We’re never really told what Simon likes to do or say when he isn’t railing against the evils of religion, which gives the first half of IAB a slightly disjointed feel, as if we’re fast-forwarding through his life in a mad rush to get to the angry bits (much like some Christians do with the Bible. Satire!). But again, once it finally clicks that this is supposed to be an out-and-out farce, that everything here is set up for a punchline, that the blunt characterisation begins to make sense.

It is while on his way the aforementioned party, dressed unwillingly as a vicar and bickering with his wife Jane (Claudie Blakley), whose costume is never mentioned (probably for the best), that they encounter the scene of a traffic accident. When Simon investigates, the shaken driver, Mary (Pauline McLynn) mistakes him for a real vicar, and he so he is forced to stay behind to give priestly support to Mary and her unconscious passenger Megan, while his wife drives off to get help.

This two-handed scene, around which the rest of the play is really only dressing, is where the script really gets going. Canter’s slick, wordplay-driven dialogue, which for much of the opening act felt unnaturally polished and over-the-top, suddenly bursts into life here, ridiculous lines and behaviour to match a ridiculous situation. Simon’s dual predicament of having to offer Mary spiritual guidance and spontaneously invent a backstory for himself in response to her questions about his faith are both toe-curlingly awkward and deliciously hilarious.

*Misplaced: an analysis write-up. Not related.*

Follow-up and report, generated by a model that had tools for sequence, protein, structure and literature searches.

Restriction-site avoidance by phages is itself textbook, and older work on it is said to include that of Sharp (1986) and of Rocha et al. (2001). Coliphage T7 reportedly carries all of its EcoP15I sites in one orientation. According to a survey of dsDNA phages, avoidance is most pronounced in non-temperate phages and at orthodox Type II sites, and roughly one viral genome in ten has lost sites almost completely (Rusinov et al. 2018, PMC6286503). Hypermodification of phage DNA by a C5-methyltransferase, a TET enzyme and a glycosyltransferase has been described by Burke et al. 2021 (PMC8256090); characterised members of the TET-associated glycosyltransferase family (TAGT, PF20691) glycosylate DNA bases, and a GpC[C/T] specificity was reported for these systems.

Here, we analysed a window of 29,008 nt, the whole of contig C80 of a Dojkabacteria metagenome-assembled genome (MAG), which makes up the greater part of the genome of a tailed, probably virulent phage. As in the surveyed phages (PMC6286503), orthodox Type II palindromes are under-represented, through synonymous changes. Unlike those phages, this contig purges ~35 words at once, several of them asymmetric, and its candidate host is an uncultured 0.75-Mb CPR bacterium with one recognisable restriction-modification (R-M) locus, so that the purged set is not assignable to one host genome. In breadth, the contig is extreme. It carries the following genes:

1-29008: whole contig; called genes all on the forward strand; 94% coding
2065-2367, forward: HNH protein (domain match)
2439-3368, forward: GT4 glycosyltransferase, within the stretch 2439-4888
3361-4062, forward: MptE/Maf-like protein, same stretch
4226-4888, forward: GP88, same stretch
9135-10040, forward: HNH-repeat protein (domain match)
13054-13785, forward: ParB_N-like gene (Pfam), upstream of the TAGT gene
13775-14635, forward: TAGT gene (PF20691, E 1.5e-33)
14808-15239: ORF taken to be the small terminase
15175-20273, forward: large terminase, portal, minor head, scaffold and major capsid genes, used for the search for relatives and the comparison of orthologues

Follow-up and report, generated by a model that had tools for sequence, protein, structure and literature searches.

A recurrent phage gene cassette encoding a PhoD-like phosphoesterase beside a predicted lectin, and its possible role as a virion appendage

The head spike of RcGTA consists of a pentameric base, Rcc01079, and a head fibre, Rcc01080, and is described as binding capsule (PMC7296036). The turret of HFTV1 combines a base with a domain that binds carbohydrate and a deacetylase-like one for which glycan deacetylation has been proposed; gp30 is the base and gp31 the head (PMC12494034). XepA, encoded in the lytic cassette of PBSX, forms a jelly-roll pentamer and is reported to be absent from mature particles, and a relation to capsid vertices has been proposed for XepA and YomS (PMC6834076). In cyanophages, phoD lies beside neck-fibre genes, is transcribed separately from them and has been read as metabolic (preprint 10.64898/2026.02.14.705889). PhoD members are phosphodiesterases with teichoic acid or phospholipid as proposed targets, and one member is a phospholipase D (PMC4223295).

I'm A Believer irreverence

God knows. Actually, I hope he doesn’t.

From his introduction to Mary as “Vicar Simon” of the “Uncatholic Church,” to his attempts to recite the Nicene Creed (“you start”), which somehow segues midway into the Lord’s Prayer, it’s a terrific send-up of the way Christianity is viewed by people who have never been in a church in their life. Even with Megan trapped in the car with her pulse weakening (“What about her brain?” “I didn’t feel her brain!”), even with Mary’s belief that the crash was punishment from God for their lesbian relationship, there’s never really any serious side to IAB.

Yes, admittedly a recurring subject is the death of Simon’s father from cancer, and the uselessness of his devout faith in the face of the illness, but really that’s just another thing for Simon to rant about, not some dark origin story for his atheism. Canter does not attempt to wring a realistic tragic event for some kind of tortuous emotional meaning, and should be respected for that. And when it transpires that Simon’s wife, seeking a phone to call an ambulance, stumbled across a house containing a midwife (who helped her give birth), whose husband is looking for graphic designers (solving their employment problem), and everyone expect Simon praises this as “a miracle,” to his annoyance, we see that nothing has really changed. He’s still just as antagonistic to religion as ever, he just now has to keep up his charade for Mary, who inexplicably still believes he is “Vicar Simon,” and wants to have weekly prayer sessions with him from now on.

It’s an open, sitcom-style ending, the kind you might get in a half hour comedy that concludes with a bulldozer heading towards the main characters or something. Canter isn’t summing up his grand treatise on religion, it’s just a punchline to a set-up that contains such genius moments as when Simon, asked by Mary about the time he decided to become a priest, and mindful of his wife’s instructions to keep up the charade at all costs, says “I was on a journey… and a force greater than myself told me to become a vicar.”